By Ann Y. Robinson, with excerpts from Innovation for safer food by Rachel Cramer, ISU News Service.
This article is the second in a series of articles highlighting CALS researchers and their journeys to funding and enlightenment. To every success, there’s a back story. Read the first article about research by Joshua Selsby, professor of animal science.
Around 48 million people in the U.S. get sick each year from foodborne pathogens, according to the U.S. Centers for Disease Control and Prevention. The CDC estimates one of the top culprits, salmonella (non-typhoidal) bacteria, causes 26,500 hospitalizations and 420 deaths annually. Nearly a quarter of the 1.3 million human infections each year are attributed to poultry, according to the U.S. Department of Agriculture.
Melha Mellata, associate professor of molecular microbiology at Iowa State University, is on a mission to develop new treatments and procedures to improve poultry health and mitigate bacterial infections, such as salmonella, in poultry and humans.
That’s a big deal for Iowa, the top egg-producing state. Mellata emphasizes the U.S. has one of the safest food supplies in the world. But with certain bacteria becoming resistant to antibiotics, it’s getting harder and more expensive to battle bacterial infections.
Support gut health to fight infection
She wants to support the gut health of chickens and other livestock to reduce the chances for pathogens to ever become established. “If we can reduce bacteria-like salmonella at the source, we will have healthier, more productive animals and spend less money trying to remove pathogens from the food at the end of the supply chain.”
Mellata has been awarded a $635,000 competitive grant from the USDA National Institute for Food and Agriculture’s Animal Health program to support this research for the next four years. Her project was recognized as an outstanding proposal by the program.
With the federal support, Mellata and her team aim to develop a probiotic with several key, beneficial microbes. One they have identified is segmented filamentous bacteria, considered a keystone bacterium that plays a major beneficial role in shaping a healthy gut in the early life of chickens.
Traditionally, SFB is transferred from hens to chicks shortly after they hatch, Mellata said. However, in most commercial poultry operations today, chicks hatch in incubators, away from their mothers.
The researchers found chicks inoculated with SFB shortly after hatching were able to fight salmonella infections much better over time compared to those not inoculated. Specifically, SFB in the gut microbiota triggered the production of T-cells and antimicrobials that attack salmonella.
“Through my work in Dr. Mellata’s lab, I have gained a deep appreciation for the importance of poultry health as it relates to the well-being of both animals and humans,” said Jared Meinen-Jochum, doctoral student in food science and human nutrition. “I am excited to continue working on this project. This USDA funding will greatly impact our ability to generate more data by using new tools that are now going to be accessible.”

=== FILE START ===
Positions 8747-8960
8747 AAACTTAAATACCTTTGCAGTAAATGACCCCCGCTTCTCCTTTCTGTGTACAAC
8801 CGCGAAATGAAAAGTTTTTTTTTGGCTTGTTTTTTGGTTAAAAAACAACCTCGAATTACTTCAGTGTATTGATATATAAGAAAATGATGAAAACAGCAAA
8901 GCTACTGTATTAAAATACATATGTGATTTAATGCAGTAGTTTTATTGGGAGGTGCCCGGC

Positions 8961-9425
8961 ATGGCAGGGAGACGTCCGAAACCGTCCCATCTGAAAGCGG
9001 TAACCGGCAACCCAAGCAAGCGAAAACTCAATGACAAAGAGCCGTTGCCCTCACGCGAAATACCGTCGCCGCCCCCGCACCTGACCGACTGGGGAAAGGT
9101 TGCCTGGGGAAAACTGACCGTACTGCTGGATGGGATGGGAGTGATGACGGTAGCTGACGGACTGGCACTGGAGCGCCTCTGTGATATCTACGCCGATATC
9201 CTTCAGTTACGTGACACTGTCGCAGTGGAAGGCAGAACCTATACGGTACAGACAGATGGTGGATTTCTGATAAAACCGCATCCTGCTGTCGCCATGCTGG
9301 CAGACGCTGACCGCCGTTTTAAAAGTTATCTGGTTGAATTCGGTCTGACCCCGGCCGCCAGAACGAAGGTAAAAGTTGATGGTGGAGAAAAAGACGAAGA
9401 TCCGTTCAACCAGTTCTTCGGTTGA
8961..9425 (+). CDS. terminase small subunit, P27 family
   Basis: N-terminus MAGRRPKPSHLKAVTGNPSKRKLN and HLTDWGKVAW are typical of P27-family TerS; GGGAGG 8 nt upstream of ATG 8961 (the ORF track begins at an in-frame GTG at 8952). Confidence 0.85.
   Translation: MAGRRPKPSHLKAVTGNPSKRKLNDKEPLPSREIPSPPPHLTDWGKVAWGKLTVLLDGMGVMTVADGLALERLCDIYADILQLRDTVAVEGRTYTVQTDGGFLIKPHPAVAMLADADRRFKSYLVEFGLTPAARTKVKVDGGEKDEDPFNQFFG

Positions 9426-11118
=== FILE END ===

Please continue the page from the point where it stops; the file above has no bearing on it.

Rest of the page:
With a pending patent through the ISU Research Foundation, the researchers want to turn their discovery into a commercial probiotic. They envision a powder that can be sprinkled onto food or mixed with water for chicks within the first 24 hours of hatching. This would be an easy and inexpensive solution for producers, according to Mellata.
“As a poultry producer, we are committed to ensuring safe products and providing excellent care for our flocks,” said Craig Rowles, CEO of Iowa Cage Free. “To achieve this goal, we are closely collaborating with scientists, like Dr. Mellata, who can bring new knowledge and solutions to problems that face the industry.
Funding success has taken years
Generating strong data to support a proposal like this has taken years and many attempts in the search for significant funding.
Mellata believes her competitiveness has been boosted by working at Iowa State, a recognized research institution with significant resources to study animals. They have also depended on services like those available through the Office of Biotechnology core facilities.
She also credits support from strong private partnerships from companies interested in the project’s potential, including KENT Corporation and Iowa Cage Free Operations at Versova Management Company, LLC.
In addition to support from KENT, important help came from a USDA NIFA predoctoral fellowship for graduate student assistance.
“I’ve had to be creative,” Mellata said. “But the importance of what we are doing has motivated me and my teams to keep working. We’ve been encouraged by interest in our findings from scientific journals. Those publications were important to help demonstrate the value of our data and make us competitive for this larger USDA project.”
As a woman in a male-dominated field, Mellata believes she has had to work harder at times to prove her work is serious. “This has sometimes been a big challenge,” she said. “Now I see myself and many other women colleagues overcoming long-standing, gender-related obstacles to succeed in research. It’s very rewarding -- and not to be taken for granted.”
Carolyn Lawrence-Dill, associate dean for research and discovery in the College of Agriculture and Life Sciences calls Mellata a model scientist others look up to. “Melha has such an indomitable spirit! Her research has important potential to develop solutions that keep our food system safe and people healthy.”